Having started her career in the glam world with ads on TV, for Amrita, the small screen has always held a special place. “I have never underestimated the power and the reach of television. In fact, the entire industry depends on it for promoting their films. Besides I believe that there can never be boundaries for talent. Look how the stars have been balancing it abroad. Why can’t we have equal respectability for both mediums here too,” questions the actress, who was drawn to do a reality show because of the unique concept that the show offered.
Genelia is equally excited with her foray on TV and says, “I am really very excited about this, it’s going to be a lot of fun.”
And channel heads are certainly happy to get a dash of Bollywood glam to sizzle up their TRPs. Says Danish Khan, VP Marketing, of a popular channel, “It’s a win-win situation for the actor and the channel. The actor gets to connect with the masses while the channel benefits since the actors bring with them their loyal fans.”
Even as industry watchers continue to debate on the real reason behind the stars’ descent on the small screen — with most industry watchers claiming that it’s all about reaching out to the masses, and some insisting that it’s purely a case of making hay while the sun shines — the stars continue to rain on TV. Viewers are certainly not complaining about getting an extra dose of their beauty queens right in their living
rooms.
LADY IN BLACK: Sushmita Sen. For more pictures of the diva, visit http://photogallery.indiatimes.com
…says Sushmita Sen who returns to Bollywood after two years looking like a diva again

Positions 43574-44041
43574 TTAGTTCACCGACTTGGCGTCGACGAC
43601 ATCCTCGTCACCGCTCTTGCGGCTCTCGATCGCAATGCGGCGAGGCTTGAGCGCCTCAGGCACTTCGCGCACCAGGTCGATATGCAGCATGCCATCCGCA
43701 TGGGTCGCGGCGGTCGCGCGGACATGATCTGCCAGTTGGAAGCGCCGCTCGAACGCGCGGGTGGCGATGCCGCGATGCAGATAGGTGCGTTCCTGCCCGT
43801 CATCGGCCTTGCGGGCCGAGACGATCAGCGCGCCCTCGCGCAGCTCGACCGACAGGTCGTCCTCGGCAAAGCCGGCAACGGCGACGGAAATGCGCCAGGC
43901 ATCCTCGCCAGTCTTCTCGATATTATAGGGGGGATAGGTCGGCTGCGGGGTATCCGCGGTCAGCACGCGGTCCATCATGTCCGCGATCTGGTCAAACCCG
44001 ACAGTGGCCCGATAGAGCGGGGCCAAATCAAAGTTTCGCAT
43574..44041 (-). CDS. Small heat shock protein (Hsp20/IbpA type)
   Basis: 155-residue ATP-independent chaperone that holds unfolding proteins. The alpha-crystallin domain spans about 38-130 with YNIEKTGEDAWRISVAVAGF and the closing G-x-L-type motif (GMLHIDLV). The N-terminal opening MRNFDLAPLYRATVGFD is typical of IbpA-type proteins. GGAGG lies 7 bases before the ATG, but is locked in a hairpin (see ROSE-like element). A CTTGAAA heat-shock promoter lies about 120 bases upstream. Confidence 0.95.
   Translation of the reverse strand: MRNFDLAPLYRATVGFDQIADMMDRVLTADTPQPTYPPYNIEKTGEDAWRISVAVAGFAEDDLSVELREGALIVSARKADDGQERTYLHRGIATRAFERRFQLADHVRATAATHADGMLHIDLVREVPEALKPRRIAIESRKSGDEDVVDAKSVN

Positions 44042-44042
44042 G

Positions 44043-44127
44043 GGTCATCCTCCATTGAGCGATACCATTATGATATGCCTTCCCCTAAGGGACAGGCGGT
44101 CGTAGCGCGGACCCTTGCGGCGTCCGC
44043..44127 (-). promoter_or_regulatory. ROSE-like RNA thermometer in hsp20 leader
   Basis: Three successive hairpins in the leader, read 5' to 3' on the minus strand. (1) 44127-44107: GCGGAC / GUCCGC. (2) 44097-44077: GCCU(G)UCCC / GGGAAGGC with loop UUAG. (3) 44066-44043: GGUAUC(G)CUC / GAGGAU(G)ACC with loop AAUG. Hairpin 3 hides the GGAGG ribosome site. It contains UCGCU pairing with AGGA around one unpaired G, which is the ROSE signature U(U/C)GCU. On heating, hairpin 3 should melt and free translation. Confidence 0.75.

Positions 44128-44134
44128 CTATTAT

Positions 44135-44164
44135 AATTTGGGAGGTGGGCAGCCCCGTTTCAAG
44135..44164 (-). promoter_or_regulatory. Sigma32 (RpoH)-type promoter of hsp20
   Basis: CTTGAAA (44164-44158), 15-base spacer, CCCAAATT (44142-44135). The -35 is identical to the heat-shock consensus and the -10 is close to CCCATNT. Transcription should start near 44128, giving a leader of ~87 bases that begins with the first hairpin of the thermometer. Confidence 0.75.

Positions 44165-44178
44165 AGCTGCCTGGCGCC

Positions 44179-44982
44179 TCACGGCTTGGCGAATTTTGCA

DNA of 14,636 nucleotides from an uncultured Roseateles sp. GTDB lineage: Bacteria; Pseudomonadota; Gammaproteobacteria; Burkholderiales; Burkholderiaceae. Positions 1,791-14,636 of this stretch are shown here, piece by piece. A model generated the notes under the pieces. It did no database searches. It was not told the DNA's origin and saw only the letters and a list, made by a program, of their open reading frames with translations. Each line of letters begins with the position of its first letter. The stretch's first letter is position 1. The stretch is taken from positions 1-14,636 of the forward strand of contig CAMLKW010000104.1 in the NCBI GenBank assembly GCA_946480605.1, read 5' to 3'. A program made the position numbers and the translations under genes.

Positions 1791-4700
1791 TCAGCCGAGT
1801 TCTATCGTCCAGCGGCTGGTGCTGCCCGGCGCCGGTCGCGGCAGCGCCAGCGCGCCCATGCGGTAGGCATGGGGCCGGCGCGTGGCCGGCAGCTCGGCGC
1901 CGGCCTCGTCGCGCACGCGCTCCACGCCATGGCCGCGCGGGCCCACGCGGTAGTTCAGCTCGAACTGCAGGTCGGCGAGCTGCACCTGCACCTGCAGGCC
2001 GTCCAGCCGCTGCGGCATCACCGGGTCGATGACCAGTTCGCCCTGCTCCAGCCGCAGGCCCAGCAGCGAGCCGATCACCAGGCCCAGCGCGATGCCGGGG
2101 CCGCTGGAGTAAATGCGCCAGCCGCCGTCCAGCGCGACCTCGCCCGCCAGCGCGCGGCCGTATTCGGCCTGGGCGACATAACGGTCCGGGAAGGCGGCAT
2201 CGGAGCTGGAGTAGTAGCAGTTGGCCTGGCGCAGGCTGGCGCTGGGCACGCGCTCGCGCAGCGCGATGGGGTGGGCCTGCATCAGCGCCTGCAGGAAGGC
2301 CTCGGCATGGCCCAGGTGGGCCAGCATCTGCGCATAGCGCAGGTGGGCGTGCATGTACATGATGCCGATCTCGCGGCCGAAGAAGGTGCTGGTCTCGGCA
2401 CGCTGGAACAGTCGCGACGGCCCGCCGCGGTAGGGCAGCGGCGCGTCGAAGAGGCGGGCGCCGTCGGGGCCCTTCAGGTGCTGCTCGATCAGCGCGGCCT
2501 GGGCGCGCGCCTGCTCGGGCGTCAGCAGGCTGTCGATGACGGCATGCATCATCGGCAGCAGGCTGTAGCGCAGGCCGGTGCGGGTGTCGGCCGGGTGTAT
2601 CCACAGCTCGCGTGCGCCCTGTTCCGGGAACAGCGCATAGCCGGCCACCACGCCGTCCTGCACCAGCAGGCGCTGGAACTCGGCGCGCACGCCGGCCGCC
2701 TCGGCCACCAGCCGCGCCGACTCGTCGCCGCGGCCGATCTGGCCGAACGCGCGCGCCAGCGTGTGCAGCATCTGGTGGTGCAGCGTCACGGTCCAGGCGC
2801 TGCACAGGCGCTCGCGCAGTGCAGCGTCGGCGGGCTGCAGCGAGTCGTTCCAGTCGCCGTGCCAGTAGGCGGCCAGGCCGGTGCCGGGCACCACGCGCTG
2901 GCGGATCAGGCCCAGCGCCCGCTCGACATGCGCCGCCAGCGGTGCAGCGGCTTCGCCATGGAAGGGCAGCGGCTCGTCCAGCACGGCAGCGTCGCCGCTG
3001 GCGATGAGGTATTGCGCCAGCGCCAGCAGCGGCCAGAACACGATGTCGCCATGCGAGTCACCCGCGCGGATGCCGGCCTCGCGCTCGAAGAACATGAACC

AAKANKSHA NAVAL-SHETYE Times News Network (BOMBAY TIMES; September 16, 2009)

It’s been two long years since we last saw Bollywood diva Sushmita Sen sizzle on screen. This of course, barring the passable international film Karma, Confessions and Holi, which the former beauty queen vehemently denied being associated with. “Yes, it’s been long since I have seen me on screen too,” she jokes. Having shed the extra weight she’d had to gain for a movie role, the leggy beauty’s looking her usual svelte self. “Sexy, sensuous, gorgeous, it’s all about what’s up here,” she says, pointing towards her head. But now she’s ready to put her sexiest foot forward, as she readies to make up for her long absence with two back-to-back films coming up and a string of flicks lined up next year as well.

Kickstarting with Do Knot Disturb, followed by Dulha Mil Gaya and later No Problem, Sush also seems to have finally found her forte — comedy. But point this out and she is quick to clarify, “I don’t want to be bound down by genres. But yes, I am really tired of consolation prizes and do want to sign up more commercial films. I am done with the experimenting phase,” she says, reflecting on her choice of films post Main Hoon Na.